When you feel emotionally empty, self-injury is a way to feel something, anything, even if it’s physical pain. It also offers an external way to express internal distress and despair. You may also turn to self-injury as a way to punish yourself for perceived faults. Sometimes self-injury is an attempt to seek attention or to manipulate others.
By Mayo Clinic staff
Self-injury can affect anyone, from pre-adolescents to older adults. But certain factors may increase the risk of self-injury, including:
- Age. Most people who engage in self-injury are adolescents. Self-injury often starts in the early teen years, when emotions are more volatile and children face increasing peer pressure, loneliness and conflicts with parents or other authority figures.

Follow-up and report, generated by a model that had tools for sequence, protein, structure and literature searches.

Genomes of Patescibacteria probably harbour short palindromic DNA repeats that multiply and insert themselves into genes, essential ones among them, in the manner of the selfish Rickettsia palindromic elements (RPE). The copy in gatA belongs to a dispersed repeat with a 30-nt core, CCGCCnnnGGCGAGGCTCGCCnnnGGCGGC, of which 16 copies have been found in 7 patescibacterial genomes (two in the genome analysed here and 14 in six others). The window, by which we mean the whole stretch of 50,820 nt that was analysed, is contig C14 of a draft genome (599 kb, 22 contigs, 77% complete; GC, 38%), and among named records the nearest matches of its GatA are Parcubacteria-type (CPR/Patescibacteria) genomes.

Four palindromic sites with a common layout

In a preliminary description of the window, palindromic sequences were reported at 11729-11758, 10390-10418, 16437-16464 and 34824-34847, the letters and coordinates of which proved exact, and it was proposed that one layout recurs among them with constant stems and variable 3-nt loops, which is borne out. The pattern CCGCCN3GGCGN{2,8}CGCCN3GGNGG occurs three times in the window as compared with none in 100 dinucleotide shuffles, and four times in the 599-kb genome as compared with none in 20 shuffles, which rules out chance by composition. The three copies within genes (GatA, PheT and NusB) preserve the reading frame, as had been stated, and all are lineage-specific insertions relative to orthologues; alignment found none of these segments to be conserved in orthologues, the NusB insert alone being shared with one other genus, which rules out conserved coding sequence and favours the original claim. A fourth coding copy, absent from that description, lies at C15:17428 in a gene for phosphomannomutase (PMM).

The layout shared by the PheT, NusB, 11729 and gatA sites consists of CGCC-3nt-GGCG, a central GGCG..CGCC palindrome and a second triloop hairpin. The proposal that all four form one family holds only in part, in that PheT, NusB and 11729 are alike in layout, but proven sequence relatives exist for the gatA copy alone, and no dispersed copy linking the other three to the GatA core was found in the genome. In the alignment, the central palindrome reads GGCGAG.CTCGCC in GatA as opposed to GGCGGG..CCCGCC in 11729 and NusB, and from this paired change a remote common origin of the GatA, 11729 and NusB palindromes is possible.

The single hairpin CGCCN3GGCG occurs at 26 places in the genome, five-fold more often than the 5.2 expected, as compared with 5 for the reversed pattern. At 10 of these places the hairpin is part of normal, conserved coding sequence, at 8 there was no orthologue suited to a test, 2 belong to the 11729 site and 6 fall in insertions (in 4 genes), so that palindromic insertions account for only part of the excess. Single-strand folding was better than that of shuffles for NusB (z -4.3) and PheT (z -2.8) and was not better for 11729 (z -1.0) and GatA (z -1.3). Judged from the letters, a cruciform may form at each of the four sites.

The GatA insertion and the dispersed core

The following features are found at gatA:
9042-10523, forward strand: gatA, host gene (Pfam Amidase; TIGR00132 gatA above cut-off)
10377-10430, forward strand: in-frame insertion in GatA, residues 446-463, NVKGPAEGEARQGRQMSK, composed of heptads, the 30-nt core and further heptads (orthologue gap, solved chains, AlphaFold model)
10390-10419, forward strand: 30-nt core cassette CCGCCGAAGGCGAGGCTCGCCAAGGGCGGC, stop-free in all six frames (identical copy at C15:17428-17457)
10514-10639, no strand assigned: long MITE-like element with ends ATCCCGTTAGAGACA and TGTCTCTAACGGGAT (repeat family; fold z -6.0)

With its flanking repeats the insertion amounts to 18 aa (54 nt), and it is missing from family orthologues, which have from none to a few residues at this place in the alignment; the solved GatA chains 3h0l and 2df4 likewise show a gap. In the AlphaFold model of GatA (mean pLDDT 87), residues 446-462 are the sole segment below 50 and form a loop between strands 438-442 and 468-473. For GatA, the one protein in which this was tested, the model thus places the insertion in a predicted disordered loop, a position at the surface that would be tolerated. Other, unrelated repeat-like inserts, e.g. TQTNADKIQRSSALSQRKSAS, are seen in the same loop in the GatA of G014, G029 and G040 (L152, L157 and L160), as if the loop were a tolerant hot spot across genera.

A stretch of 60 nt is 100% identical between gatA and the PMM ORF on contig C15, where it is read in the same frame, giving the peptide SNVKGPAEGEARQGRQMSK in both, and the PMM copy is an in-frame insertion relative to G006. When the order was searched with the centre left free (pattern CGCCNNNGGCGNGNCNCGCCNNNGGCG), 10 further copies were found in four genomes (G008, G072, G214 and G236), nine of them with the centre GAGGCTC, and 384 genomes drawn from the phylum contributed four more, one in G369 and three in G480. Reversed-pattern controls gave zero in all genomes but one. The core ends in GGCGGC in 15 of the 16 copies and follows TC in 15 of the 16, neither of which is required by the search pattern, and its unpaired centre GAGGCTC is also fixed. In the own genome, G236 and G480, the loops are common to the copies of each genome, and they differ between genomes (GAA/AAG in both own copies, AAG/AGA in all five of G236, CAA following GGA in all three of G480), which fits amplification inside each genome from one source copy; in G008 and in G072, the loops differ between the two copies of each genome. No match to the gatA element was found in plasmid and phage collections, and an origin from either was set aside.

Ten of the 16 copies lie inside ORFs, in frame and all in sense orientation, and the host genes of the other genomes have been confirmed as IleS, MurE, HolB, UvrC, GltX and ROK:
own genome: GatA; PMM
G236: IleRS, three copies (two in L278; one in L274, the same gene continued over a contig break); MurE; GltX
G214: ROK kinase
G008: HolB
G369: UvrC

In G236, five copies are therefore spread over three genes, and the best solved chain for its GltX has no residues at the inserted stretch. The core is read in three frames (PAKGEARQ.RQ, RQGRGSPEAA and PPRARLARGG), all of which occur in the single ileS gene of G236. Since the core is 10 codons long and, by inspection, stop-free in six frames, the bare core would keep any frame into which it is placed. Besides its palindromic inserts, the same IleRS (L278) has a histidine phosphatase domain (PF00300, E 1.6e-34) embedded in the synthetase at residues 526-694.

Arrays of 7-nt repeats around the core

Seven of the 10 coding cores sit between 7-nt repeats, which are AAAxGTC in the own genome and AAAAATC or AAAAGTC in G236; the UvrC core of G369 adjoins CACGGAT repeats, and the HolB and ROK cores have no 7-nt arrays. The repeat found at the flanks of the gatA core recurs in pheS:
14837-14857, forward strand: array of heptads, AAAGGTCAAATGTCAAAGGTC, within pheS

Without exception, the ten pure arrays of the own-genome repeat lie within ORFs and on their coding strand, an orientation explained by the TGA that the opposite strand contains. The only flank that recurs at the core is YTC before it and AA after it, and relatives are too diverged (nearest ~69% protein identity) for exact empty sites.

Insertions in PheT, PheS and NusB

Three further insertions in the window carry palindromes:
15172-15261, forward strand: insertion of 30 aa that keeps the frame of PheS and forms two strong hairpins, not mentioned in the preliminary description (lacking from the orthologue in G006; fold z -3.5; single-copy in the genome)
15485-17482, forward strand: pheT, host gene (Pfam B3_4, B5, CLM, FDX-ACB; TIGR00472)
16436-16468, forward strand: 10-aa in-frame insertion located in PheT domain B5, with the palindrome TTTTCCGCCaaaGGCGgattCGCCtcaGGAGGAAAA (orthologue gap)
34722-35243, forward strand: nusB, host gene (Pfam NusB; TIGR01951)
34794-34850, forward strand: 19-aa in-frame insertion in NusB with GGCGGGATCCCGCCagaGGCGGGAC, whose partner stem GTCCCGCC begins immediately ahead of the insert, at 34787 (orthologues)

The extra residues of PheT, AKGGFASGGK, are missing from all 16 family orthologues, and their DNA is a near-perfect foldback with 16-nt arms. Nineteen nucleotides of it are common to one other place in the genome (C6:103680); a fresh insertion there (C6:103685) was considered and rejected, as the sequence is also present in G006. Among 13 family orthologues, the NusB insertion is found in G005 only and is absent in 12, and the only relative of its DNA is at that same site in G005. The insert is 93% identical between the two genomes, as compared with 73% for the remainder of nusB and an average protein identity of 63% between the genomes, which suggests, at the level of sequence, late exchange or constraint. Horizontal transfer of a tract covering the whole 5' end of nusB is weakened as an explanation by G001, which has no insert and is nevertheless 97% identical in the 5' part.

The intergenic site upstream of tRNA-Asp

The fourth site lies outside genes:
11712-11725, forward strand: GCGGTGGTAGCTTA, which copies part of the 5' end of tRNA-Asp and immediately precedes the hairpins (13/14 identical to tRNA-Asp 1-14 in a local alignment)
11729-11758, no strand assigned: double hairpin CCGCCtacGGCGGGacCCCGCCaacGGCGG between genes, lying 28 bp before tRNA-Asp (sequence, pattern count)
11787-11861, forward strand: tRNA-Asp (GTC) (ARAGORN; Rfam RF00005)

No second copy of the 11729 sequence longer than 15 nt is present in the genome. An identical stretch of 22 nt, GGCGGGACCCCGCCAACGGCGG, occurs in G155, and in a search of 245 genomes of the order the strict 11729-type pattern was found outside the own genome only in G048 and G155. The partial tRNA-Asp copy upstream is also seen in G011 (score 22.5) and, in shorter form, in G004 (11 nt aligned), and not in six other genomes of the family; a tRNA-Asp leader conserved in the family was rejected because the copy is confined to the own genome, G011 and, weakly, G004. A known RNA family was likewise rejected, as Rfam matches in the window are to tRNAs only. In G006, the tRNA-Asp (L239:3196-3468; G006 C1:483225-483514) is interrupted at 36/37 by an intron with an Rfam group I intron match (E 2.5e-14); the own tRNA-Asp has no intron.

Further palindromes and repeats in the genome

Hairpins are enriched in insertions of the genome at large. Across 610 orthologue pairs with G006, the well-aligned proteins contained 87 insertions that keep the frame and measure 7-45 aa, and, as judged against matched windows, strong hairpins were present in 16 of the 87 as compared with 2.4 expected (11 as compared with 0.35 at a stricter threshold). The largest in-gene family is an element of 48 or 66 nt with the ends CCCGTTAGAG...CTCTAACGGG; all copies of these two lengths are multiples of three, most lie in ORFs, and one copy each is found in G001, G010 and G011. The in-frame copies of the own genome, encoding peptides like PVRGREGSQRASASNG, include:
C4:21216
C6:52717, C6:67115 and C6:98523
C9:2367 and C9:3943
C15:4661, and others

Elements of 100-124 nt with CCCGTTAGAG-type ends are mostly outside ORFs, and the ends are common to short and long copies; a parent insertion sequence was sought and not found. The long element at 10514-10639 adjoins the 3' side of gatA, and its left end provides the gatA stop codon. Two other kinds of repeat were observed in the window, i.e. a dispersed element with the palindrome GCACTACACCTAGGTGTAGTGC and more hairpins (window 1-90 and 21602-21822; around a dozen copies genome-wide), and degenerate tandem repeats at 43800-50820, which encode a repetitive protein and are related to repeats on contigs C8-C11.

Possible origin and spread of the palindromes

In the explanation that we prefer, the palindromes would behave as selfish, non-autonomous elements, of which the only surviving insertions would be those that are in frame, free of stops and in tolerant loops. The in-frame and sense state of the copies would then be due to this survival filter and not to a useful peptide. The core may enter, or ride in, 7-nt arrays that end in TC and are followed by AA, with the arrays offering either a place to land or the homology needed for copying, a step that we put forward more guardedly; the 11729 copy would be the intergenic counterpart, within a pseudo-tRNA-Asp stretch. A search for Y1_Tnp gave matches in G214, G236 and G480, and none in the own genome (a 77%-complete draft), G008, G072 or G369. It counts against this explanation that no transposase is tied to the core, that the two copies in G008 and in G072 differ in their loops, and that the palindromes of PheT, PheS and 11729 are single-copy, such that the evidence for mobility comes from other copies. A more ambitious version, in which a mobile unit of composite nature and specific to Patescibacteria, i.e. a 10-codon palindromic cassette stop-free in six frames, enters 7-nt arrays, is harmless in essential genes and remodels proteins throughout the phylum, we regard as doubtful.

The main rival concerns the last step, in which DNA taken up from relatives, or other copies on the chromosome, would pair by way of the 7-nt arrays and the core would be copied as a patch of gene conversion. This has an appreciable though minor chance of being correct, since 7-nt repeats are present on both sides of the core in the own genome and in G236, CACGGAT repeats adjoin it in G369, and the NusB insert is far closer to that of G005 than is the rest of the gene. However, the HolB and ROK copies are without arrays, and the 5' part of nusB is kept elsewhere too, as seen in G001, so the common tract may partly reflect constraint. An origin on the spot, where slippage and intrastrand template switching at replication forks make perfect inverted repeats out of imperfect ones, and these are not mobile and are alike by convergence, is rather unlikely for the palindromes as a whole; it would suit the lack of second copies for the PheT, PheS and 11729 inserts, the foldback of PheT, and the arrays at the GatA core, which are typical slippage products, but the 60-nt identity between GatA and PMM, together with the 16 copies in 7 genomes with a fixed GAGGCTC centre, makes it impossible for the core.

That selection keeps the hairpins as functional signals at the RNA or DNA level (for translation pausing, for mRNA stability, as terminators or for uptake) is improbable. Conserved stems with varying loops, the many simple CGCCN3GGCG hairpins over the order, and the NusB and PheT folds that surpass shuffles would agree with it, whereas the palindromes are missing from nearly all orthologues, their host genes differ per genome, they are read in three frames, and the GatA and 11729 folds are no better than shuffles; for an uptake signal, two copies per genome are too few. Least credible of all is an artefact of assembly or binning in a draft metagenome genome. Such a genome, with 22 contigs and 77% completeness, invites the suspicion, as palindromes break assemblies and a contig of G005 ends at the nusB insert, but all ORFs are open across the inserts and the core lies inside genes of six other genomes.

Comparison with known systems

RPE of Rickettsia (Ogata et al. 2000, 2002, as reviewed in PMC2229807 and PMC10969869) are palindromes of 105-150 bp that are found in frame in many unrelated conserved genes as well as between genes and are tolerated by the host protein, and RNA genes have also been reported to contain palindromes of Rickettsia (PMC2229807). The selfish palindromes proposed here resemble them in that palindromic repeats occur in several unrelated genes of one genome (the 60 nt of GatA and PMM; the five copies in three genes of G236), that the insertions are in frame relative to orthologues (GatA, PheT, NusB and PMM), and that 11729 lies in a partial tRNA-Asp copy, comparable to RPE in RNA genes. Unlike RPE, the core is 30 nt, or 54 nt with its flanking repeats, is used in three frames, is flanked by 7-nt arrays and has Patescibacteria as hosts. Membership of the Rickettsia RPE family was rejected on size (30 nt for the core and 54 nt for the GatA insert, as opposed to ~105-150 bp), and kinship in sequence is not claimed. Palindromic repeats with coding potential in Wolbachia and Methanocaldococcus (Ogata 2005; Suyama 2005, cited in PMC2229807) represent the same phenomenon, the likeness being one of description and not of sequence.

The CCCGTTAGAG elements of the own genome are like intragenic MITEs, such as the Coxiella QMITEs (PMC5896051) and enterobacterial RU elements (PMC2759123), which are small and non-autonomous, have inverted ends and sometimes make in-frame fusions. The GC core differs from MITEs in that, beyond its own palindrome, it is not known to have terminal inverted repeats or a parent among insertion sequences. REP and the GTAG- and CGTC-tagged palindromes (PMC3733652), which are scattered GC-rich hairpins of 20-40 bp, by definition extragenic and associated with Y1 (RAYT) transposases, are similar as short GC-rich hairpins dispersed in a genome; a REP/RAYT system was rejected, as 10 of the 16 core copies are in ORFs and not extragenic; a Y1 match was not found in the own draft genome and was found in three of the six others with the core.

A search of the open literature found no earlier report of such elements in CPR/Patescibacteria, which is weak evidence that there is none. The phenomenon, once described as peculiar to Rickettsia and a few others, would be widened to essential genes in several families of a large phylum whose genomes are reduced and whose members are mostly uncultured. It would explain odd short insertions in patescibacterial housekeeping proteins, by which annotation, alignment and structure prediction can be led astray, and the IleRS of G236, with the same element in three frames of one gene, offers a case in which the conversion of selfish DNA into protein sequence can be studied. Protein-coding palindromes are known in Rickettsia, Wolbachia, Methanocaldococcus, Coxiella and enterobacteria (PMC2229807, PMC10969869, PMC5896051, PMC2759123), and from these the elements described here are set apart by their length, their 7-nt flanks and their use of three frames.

- Sex. Self-injury was thought to be more common in females than in males, but recent research shows that the rates are generally about the same.
- Family history. Some evidence suggests that self-injury is more common in people who have a family history of suicide, self-injury or self-destructive acts.
- Life issues. Some people who injure themselves were sexually, physically or emotionally abused as children or adults. They may also have experienced neglect in childhood. Social isolation and living alone may also increase the risk. Unstable living conditions, such as unemployment and divorce, also may be factors.
- Mental health issues. Among those at highest risk are people who experience many negative emotions and are highly self-critical. People who self-injure are more likely to be impulsive and to have poor problem-solving skills. Also, self-injury is commonly associated with certain mental illnesses, including borderline personality disorder, depression, anxiety disorders, substance abuse disorders, post-traumatic stress disorder and eating disorders.
- Alcohol or substance misuse. People who engage in self-harm often do so while under the influence of alcohol or illicit drugs.